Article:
In the most racially totalitarian county in the most racially totalitarian state in the Union, this could not be allowed to stand. Governor Paul Johnson Jr. said that he would never sign off on any Head Start programs for “darkies” in the state. (At the time, there were no publicly funded kindergartens in Mississippi, let alone preschools.) After CDGM’s founders used a loophole to defy him, a local thug fired shots from a .45-caliber pistol into the organization’s building. Meanwhile, in Washington, Senators John Stennis and James Eastland—fresh from working to sabotage the federal investigation into the murder of Congress of Racial Equality activists Andrew Goodman, James Chaney and Michael Schwerner in nearby Philadelphia, Mississippi—launched a Fox News–style national campaign to frame CDGM as a commie-infiltrated fraud, convincing a frazzled and weak-willed Shriver to cut his political losses. From the top down, Shriver set up a replacement program run by local segregationists.
Now here’s From’s account of that episode: “Shriver sent me to Sunflower County to investigate a dispute between two Head Start programs, one run with federal funding by the white powers of the county—the Eastland forces—the other run on a volunteer basis by civil rights activists…. Ostensibly fighting over control of the funded Head Start program, in reality the two groups were fighting for an important prize in the political balance of power in the county.” The political balance of power in the county—sort of like Nelson Mandela and Hendrik Verwoerd were fighting over the political balance of power in South Africa. “As long as Eastland forces administered antipoverty program funds, the civil rights activists, a major threat to the established political leadership of the county, remained in check.” And so, From relates, “I recommended to Shriver that OEO try to bring Hamer’s group into the county program with the responsibility of running a number of Head Start centers. Eventually, the two sides reached an uneasy agreement. As a result, all poor children in the county were able to benefit from the higher quality, federally funded Head Start.”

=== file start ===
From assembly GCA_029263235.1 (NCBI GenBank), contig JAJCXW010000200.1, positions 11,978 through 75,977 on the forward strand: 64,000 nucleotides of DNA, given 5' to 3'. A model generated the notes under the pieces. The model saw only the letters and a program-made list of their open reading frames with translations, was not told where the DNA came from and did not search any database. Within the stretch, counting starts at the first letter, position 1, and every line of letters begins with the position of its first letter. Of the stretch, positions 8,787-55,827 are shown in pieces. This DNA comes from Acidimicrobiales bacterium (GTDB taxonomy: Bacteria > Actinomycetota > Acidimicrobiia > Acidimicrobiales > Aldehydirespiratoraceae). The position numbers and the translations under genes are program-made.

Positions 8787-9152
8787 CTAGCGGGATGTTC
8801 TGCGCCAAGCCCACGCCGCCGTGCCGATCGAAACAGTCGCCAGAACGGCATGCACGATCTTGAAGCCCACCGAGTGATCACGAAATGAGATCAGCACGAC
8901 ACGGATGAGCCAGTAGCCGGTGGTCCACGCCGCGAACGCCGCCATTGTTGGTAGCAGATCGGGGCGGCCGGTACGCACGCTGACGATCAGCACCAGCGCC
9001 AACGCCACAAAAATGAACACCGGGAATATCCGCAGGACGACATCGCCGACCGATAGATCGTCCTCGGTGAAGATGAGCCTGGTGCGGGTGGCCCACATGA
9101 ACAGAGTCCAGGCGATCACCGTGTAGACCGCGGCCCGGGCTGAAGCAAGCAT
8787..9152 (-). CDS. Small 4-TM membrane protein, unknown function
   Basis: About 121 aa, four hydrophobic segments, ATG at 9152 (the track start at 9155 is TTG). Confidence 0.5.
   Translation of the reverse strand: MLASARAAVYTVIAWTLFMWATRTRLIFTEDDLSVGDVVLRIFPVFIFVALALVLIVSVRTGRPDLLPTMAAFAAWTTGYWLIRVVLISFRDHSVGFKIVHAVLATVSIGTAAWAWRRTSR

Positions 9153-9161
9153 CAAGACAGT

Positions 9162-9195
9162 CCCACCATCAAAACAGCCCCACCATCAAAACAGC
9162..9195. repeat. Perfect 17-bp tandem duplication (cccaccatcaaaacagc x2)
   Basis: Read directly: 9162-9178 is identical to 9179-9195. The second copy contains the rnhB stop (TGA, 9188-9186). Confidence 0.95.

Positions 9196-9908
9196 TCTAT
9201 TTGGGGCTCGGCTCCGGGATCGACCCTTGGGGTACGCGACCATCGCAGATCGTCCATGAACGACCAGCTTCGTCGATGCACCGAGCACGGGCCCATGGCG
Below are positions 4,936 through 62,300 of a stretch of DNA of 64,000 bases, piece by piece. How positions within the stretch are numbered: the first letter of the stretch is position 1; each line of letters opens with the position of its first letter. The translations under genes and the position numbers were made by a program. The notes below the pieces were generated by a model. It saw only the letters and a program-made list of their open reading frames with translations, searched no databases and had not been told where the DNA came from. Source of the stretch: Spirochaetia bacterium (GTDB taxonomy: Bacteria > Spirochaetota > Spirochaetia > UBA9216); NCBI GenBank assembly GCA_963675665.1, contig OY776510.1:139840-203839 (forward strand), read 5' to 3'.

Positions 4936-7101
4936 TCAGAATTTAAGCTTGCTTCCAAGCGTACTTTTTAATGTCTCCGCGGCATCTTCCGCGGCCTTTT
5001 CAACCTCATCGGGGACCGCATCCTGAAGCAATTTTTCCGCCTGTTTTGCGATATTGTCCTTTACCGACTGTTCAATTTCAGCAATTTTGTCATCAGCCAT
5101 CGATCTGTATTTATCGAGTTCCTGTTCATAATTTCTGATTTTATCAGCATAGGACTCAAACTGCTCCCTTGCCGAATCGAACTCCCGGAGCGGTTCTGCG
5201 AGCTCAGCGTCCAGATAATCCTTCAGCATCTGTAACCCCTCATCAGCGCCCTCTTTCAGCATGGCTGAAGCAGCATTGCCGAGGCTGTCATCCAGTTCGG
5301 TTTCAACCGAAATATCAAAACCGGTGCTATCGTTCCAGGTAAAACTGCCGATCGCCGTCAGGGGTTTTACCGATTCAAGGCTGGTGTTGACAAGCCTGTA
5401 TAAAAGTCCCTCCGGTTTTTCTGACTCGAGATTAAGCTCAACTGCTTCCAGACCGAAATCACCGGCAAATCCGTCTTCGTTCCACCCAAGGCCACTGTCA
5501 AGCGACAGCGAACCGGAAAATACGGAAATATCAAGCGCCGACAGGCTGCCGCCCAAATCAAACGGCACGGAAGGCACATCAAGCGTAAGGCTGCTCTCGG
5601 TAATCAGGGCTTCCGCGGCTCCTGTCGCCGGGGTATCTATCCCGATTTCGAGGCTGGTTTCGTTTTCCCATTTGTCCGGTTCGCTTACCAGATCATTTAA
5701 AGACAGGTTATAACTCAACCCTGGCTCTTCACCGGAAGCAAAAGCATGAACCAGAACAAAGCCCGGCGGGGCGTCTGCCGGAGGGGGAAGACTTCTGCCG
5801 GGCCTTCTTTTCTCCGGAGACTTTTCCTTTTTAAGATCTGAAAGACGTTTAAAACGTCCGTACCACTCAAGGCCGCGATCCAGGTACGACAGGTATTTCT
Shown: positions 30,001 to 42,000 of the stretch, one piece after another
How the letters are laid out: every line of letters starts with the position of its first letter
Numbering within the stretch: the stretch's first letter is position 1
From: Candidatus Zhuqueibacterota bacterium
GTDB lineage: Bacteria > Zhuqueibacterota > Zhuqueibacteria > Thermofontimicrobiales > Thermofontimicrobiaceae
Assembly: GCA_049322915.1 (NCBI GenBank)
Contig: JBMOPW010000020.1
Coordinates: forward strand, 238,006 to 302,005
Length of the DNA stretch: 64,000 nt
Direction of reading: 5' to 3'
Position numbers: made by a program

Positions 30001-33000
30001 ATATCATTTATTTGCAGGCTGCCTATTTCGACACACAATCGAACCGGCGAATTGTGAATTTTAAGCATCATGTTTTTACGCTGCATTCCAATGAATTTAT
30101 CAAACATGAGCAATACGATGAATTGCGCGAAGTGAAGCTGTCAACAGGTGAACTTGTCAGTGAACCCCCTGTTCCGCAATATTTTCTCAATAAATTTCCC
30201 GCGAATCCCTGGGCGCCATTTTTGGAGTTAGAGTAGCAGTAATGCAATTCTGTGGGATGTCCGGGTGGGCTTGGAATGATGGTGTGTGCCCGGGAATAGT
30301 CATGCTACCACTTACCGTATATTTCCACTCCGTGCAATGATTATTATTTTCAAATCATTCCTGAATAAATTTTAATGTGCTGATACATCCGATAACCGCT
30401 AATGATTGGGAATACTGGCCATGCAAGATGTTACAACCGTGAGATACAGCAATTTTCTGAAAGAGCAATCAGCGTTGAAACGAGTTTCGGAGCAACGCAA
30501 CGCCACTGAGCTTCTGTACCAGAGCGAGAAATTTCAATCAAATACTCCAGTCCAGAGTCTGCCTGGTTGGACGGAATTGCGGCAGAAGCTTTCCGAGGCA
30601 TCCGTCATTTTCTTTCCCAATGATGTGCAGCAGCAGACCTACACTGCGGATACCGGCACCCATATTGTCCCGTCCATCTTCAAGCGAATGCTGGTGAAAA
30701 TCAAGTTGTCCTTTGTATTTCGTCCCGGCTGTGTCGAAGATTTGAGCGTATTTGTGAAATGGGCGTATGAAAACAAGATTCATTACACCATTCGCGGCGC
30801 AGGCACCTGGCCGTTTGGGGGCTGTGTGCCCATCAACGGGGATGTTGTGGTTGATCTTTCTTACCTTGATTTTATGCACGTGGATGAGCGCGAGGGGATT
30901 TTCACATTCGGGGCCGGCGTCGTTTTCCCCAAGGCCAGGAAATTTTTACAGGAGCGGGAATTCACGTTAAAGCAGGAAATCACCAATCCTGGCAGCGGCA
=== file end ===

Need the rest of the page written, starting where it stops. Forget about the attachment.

From makes it sound here as though he was an ally of the civil rights forces, when he was actually maneuvering to sell them out. The one time I interviewed him, From volunteered an even more effulgent (and slippery) account of the dispute in Sunflower County. He praised Eastland’s skill in co-opting the integrationists by planting “his closest political people” to control the Sunflower County Head Start board. The education of the county’s black preschoolers had been placed in the hands of the same racist economic elites who had kept them in poverty in the first place. From’s transformation of this unpromising material into a warm parable of reconciliation and progress is a master class in shameless audacity.